The rate of growth in savings banks' advances for housing was less than that in their deposits, but was still much greater than in the previous couple of years. Savings banks' approvals of loans for housing began to rise early in the year and for 1982/83 came to over $3½ billion, by far the largest annual result yet. In March 1982 the nationally operating banks had given an undertaking to the Government, in response to certain measures to be taken by the Government, that they would raise their new lending for housing by $400 million over the following twelve months. In November they gave an undertaking to maintain, at least, the resulting level of lending for a further twelve months.

6. Advances Outstanding

Graph Showing All financial institutions
Graph Showing Banks
Graph Showing Non-bank financial institutions

Changes to Regulations for Savings Banks

On 26 August the Treasurer announced amendments to the Banking (Savings Banks) Regulations. Briefly, the amended regulations:

  • require each savings bank to invest a minimum of 15 per cent of depositors' balances in cash, deposits with the Bank and Commonwealth Government securities (the amendments were effective from 31 August, but for a transitional period to 30 June 1983 banks had the option of observing this or the previous 7½ per cent requirement);
  • allow the banks to invest 6 per cent of deposits in assets – other than fixed assets – of their choice;
  • restrict their other investments mainly to public sector securities and loans secured on land in Australia.

The amendments also relaxed restrictions on sources of deposits to allow savings banks to accept deposits from trading or profit-making bodies up to a maximum, for each entity, of $100,000.

The savings banks were at times during 1982/83 very liquid as a result of the exceptionally fast growth in deposits. At the end of the year the proportion of their assets in LGS was higher than at the start.

Borrowings by the other major lenders for housing – permanent building societies – increased by about 12 per cent in 1982/83. This was faster than in the previous couple of years, although much slower than in the years before that. As with savings banks, the societies' interest rates had been constrained while market-determined rates were rising from 1980. When market rates came down in the first half of 1982/83, societies were slower to reduce their borrowing rates and, for a time, their ability to attract funds increased.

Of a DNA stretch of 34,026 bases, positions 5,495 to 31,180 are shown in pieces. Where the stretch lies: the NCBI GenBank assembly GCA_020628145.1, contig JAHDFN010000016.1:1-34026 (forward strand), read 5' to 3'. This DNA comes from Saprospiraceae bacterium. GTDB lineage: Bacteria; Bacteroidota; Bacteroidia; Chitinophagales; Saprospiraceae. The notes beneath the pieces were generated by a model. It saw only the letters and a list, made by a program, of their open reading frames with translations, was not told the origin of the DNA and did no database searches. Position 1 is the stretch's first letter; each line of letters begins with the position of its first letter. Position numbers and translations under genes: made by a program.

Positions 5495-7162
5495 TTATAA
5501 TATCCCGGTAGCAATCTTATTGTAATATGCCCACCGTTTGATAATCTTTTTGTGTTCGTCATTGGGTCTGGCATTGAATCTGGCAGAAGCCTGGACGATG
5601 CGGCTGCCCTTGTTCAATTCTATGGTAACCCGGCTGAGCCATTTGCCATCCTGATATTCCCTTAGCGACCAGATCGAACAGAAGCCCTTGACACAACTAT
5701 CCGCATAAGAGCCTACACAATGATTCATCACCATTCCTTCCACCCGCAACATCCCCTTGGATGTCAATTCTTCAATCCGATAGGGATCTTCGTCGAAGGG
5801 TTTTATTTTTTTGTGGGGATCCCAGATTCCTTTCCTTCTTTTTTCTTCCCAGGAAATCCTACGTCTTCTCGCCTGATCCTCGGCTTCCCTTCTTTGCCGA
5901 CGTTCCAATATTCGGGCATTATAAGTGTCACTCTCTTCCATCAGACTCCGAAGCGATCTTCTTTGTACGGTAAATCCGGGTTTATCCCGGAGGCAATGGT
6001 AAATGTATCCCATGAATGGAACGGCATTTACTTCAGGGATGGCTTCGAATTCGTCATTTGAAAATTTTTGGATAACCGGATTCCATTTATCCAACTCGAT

Societies increased their loans outstanding for housing by much less than the rate at which their available funds increased. To some extent, this reflected weaker demand for such loans; also, it was unprofitable for societies to lend for housing those funds which they had attracted in accounts on which they paid rates of interest comparable with rates in short-term money markets. At June 1983, societies' loans for housing represented about 71 per cent of their borrowings from the public; this compared with 78 per cent a year earlier.

Finance companies grew slowly in the past year, with borrowings from the public increasing by only about 3 per cent; this compared with a rise of about 13 per cent in 1981/82. Finance companies attracted strong inflows of funds early in the year, but, with demand for loans falling, they then for a time restricted subscriptions to their issues or withdrew from the market altogether. The level of their borrowings dropped sharply in the middle months of the year.

Reflecting the subdued corporate demand for funds, there was also a substantial slowing in the expansion of money market corporations in 1982/83. Their borrowings from the public had increased by almost 40 per cent in 1981/82; in the twelve months to December 1982, growth was 19 per cent; over the twelve months to June 1983 it was down to about 15 per cent.

Cash management trusts, which had expanded rapidly during 1981/82, continued to grow in the early months of the past year while short-term interest rates stayed high. After August, however, deposits with the trusts showed little net change; this coincided with the fall to a lower average level in yields on commercial bills, the trusts' main assets. In June 1983, 16 trusts held funds of about $2,190 million, compared with deposits of about $1,650 million held by 13 trusts in June 1982.

Supervision of banks

Last year's Report contained an outline of the Bank's general approach to supervision of banks. The prime responsibility for the prudent management of a bank's business, of course, lies with the bank itself. The Bank aims to satisfy itself that a bank's prudential standards are adequate, and that those standards are kept under review to take account of changing circumstances. The Bank itself does not physically inspect the books of banks but it obtains a large volume of statistical and other material from banks and it regularly discusses with them both their domestic and international operations from the prudential viewpoint. The Auditor-General investigates periodically the books, accounts and transactions of each bank and conveys to the Treasurer and the Bank such reports on the affairs of each bank as the Treasurer directs.

The international operations of Australian banks have been growing more rapidly than their domestic operations.[*] During 1982/83, the Bank took steps to improve the flow of data to it on matters such as international borrowing and lending and country risk.